Tiny airborne particles, also called aerosols, are formed in several different ways. They can be created by sea salt from sea spray and bursting bubbles, windblown dust, and volcanic eruptions as well as from fossil fuel combustion from automobiles, ships, airplanes, and factory emissions. Aerosols can also be formed from the burning of plant materials during forest fires or in wood-burning stoves.
Once aerosols are formed, they are mixed and transported by wind within the atmosphere. Winds can carry aerosols very long distances, sometimes up to thousands of miles away from their origin. Updrafts or upward moving air and turbulence can blow aerosols to higher altitudes. Scientists use measured and simulated winds to determine where aerosols come from since they can travel so far.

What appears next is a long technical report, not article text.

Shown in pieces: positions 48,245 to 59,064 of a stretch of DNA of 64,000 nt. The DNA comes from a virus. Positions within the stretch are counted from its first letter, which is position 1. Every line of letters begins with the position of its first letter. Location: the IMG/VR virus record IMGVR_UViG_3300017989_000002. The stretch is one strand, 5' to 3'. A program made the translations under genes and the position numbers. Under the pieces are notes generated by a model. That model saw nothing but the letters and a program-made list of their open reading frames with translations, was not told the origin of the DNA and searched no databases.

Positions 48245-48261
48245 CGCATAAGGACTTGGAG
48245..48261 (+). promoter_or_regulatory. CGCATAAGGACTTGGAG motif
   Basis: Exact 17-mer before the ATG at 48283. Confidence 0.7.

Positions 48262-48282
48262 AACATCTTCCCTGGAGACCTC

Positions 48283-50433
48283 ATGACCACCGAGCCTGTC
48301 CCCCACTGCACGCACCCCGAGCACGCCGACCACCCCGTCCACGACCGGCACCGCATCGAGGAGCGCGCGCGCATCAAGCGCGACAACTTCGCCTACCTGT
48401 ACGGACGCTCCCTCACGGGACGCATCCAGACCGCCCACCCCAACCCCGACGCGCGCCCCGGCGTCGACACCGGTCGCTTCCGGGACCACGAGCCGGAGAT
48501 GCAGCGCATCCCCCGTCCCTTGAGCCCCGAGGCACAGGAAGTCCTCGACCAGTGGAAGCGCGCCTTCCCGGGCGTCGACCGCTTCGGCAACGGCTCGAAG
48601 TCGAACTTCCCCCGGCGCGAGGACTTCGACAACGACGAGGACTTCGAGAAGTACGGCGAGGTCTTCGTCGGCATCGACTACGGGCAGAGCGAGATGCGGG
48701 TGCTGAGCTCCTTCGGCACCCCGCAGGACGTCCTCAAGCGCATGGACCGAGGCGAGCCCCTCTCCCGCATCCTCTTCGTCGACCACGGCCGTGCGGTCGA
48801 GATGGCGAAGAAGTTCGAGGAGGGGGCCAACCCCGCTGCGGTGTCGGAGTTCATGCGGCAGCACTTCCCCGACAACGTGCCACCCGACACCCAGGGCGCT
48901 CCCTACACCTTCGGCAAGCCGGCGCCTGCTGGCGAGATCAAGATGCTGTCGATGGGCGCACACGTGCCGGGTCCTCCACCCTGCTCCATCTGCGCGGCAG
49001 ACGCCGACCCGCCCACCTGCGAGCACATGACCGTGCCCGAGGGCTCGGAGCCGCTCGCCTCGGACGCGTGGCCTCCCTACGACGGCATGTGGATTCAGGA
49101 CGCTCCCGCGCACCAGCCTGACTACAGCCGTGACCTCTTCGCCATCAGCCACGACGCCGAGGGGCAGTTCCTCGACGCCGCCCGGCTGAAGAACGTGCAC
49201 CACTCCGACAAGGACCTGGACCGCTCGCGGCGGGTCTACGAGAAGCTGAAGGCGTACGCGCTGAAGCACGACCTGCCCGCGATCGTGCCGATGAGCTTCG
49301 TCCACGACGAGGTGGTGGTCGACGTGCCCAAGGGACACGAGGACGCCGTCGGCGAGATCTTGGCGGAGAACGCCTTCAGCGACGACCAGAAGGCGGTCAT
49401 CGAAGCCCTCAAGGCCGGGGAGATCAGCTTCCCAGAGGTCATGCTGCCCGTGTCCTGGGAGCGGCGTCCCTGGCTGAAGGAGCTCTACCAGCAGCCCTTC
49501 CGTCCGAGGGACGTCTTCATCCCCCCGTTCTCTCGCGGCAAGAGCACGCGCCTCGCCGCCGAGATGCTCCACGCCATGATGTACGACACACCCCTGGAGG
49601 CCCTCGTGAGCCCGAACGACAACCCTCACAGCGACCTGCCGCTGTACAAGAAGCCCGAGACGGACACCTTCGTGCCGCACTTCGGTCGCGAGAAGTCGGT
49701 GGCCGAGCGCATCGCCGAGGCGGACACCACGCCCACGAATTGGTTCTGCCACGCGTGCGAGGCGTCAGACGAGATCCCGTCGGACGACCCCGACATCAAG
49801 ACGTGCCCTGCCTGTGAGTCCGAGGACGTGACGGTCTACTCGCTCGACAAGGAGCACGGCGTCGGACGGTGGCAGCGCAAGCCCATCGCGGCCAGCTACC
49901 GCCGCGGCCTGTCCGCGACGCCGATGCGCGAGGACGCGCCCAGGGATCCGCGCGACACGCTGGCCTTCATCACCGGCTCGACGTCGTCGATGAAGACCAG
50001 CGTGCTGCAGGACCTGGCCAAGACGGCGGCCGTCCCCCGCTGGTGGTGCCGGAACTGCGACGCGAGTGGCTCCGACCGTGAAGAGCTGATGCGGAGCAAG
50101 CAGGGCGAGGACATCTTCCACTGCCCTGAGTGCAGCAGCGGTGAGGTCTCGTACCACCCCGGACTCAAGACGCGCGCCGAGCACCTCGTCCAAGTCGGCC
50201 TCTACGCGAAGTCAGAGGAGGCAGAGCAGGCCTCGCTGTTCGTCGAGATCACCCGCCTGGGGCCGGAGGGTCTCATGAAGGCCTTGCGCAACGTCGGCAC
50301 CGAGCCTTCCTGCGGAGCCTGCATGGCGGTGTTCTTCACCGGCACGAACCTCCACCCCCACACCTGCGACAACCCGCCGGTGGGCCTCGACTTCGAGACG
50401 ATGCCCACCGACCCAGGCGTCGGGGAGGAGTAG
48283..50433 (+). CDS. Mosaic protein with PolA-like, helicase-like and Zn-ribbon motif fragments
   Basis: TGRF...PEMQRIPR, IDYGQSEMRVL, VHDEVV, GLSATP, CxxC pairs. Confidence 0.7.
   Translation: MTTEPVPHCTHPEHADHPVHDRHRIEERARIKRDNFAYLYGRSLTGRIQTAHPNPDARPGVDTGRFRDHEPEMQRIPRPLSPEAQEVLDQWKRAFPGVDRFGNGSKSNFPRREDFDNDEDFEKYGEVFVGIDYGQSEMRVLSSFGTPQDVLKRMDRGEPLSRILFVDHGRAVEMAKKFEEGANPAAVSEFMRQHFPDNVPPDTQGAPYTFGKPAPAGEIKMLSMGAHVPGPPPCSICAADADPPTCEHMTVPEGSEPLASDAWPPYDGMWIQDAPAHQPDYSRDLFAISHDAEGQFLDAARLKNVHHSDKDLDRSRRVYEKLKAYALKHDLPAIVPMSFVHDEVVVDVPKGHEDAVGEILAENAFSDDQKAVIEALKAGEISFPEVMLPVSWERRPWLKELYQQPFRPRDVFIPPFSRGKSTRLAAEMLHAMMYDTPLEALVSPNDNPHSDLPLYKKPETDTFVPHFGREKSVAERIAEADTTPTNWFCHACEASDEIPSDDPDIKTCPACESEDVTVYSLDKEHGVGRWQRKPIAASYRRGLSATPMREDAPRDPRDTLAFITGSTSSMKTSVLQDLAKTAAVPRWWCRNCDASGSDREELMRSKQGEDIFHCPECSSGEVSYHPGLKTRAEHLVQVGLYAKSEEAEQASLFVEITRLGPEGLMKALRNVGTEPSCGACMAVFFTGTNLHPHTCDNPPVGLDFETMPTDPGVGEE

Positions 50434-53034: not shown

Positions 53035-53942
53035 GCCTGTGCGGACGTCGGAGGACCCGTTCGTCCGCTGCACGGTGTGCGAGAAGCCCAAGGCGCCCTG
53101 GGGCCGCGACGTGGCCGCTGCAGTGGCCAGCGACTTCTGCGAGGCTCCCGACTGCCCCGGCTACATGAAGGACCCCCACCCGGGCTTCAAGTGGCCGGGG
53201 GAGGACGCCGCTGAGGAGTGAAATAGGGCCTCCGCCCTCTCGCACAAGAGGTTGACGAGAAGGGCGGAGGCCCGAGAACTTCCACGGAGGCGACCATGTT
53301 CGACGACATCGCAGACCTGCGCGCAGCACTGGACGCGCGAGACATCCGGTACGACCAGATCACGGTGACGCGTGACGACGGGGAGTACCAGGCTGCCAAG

Aerosols are more concentrated in areas where they are formed and tend to get diluted as they mix into the atmosphere and move away from their origin. In addition, aerosol formation within the atmosphere from emitted gases can result in higher concentrations of some aerosol particle types downwind from their origin. Natural barriers such as mountains can trap pollutants and prevent dispersion by the wind. For example, certain regions of California such as the Los Angeles basin and the Central Valley are affected by this phenomenon, which often results in visible smog.
Researchers at Scripps Institution of Oceanography at UC San Diego measure the concentration and composition of aerosols at Scripps Pier to understand the processes and sources responsible for aerosols in the region.
Doug Day, Scripps postdoctoral researcher, Climate, Atmospheric Sciences, Physical Oceanography division
To read more about how aerosols affect clouds and climate, read our story “Fine Details” at explorations.ucsd.edu/Features/2009/Fine_Details/.